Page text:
At sundown we arrived at the village. I got out of the vehicle at the edge of the village. About 10 or so adults and innumerable children assembled around the vehicle as I disembarked. One man approached. He seemed to be in his late twenties or early thirties. I guess he was Somali or other Cushite speaker, thin, light brown complexion and a straight narrow nose. He greeted me and asked what had brought me to the village. I answered that I had heard about what they had accomplished in creating their vast environmental and ethnological preserve and I wanted to see it for myself. This was the first time in the dream that I had become aware of what I was doing here.

He contemplated me for a moment then said, “Mama discourages casual visitors to the reserve.” At first I thought MAMA was an acronym for the NGO operating the place. I was soon disabused of that assumption when he glanced to a large woman standing off to the side surrounded by passel of young children.

She was a large woman, large indeed, about an inch or two taller than me and at least 50 pounds heavier. Her skin was a deep chocolate color and a thick dark tangled ring of hair floated around her head like Medusa’s snakes. She wore a deep blue tent like dress that fell from her shoulders almost all the way to the ground. Thick red stripes containing faint yellow pinstripes broke up the wall of blue.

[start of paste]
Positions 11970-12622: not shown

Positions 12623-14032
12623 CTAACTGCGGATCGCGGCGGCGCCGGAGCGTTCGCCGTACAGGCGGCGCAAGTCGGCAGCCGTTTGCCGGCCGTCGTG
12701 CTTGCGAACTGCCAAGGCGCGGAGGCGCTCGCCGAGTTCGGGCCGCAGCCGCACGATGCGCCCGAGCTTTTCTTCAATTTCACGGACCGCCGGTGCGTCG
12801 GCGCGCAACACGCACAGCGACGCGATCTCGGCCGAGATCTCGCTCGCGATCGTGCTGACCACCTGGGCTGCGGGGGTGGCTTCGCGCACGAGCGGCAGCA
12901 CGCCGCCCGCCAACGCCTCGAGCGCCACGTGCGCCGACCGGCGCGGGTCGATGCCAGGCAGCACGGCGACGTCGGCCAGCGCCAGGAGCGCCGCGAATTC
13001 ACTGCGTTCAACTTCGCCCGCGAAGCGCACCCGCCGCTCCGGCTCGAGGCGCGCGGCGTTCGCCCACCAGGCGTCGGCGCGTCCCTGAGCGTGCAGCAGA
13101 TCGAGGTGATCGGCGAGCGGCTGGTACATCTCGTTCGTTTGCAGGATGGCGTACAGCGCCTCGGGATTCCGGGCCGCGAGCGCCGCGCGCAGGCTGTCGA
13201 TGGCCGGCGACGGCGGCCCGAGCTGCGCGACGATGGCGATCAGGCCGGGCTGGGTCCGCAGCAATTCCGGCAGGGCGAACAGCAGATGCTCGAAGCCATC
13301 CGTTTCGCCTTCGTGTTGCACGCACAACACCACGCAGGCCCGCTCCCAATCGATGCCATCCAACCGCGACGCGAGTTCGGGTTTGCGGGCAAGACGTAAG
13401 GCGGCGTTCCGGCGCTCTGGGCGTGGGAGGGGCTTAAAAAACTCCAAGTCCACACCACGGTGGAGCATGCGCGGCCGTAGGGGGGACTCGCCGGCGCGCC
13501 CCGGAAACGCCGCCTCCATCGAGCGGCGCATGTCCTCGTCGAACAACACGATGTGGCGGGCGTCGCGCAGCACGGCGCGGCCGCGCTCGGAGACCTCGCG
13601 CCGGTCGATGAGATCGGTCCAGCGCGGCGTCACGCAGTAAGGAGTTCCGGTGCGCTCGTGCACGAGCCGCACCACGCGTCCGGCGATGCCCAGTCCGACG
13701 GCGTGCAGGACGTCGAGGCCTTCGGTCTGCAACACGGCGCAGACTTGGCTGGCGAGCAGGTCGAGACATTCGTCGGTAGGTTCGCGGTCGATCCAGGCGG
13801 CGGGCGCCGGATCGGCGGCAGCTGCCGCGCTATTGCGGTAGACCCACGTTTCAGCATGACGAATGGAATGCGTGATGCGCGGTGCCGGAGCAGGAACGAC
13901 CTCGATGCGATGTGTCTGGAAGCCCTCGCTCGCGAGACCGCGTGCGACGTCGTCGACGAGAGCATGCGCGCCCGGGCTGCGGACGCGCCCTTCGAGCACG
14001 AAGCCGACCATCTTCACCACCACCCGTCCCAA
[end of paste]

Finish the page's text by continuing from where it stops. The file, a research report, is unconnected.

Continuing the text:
“Perhaps I can persuade her to let me stay,” I said. “I don’t think so,” he responded quickly. “But it is too late in the day to send you back, so you can stay the night as our guest and if she is not too busy perhaps you can try to persuade her tomorrow.”

With that he led me into the town past several of the huts to one a little back from the road. “This is my house,” he said. “You can stay here for the evening. There is a cot in the back. You can leave your backpack there. I will show you where to wash up and you can join my family and others for dinner.”

The hut was nicely sized containing a single room. It seemed to be used only for sleeping. I found a small cot at the back and with both relief and trepidation dropped my backpack on it and rejoined my host.

He showed me to a surprisingly comfortable bathhouse with both hot and cold tubs and showers. It seemed to be available to both sexes.

After my bath he led me to a clearing a little way from the village. Here there were benches and a few sturdy wooden tables. Several modern grill type cookers and other tables containing copious amounts of food surrounded a large campfire around which on a variety of strange tripod like contraptions other pots and viands hung over the flames.